Experts Agree. Yoga is Great for Your Brain

A review of the scientific evidence finds that yoga benefits many of the same brain structures and functions as aerobic exercise.


Although we’ve long known that cardiovascular exercise improves brain health and stimulates the growth of new neurons, we’ve known less about how yoga affects the brain. Now, a review of the research suggests that yoga may enhance many of the same brain structures and functions that are boosted by aerobic activity.


The review, published in the journal Brain Plasticity, examined 11 studies that tested the relationship between Hatha yoga practice, (which combines movement, meditation and breathing exercises) and brain health using brain-imaging techniques like magnetic resonance imaging (MRI).


Five of the studies included people with no yoga experience who were asked to practice yoga at least once per week for 10-24 weeks. Researchers then compared participants’ brain function before and after the intervention. The remaining six studies looked at differences between the brains of people who regularly practiced yoga, and the brains of those who didn’t.


Results of the review showed that the brain regions impacted by yoga are similar to those affected by physical exercise. Of significant importance is the link between yoga practice and an increase in the volume of the hippocampus - a key player in memory processing known to shrink with age and chronic stress. Loss of hippocampal mass and function is strongly related to the onset of Alzheimer’s Disease and dementia.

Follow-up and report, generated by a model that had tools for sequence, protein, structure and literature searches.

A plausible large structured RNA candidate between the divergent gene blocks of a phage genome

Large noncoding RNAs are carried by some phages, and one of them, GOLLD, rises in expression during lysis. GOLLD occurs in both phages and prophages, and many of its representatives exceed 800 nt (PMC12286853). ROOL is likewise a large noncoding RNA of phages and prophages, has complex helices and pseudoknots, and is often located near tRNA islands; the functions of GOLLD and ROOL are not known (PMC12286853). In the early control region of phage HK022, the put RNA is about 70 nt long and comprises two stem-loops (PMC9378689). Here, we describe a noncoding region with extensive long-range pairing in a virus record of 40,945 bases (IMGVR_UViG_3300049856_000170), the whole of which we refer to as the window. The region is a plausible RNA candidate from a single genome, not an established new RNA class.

Research also showed that the amygdala, an important structure in the processing and regulation of emotion, was larger in yoga practitioners. In addition, key regions such as the prefrontal cortex, cingulate cortex and brain networks such as the default mode network appeared to be bigger and/or more efficient in people who practiced yoga regularly.


The prefrontal cortex is known for its pivotal role in reasoning, planning, decision-making, flexible thinking, and self-regulation. The cingulate cortex, part of the limbic system, is a network of structures that help with emotional regulation, learning and memory. Lastly, the default mode network includes several brain regions related to planning, memory, and thinking about the self.


Changes in these brain regions also appeared to be related to functional benefits. Specifically, the studies found that those who regularly practiced yoga also performed better on tests of emotion regulation and cognitive functioning.


It is important to note that research into the effects of yoga on brain health is still relatively new, so we’re not entirely sure why its effects parallel those of aerobic exercise. One potential explanation is that yoga may reduce stress, and chronic stress is consistently linked to shrinking of the hippocampus and deficits in brain function. Yoga practice can also improve how we regulate our emotions, which can also boost mental health and build stress resilience.


The researchers agree that there is a lot more to be known regarding how and why yoga may be beneficial for brain health, and more well-designed studies will be needed to better understand why this occurs.

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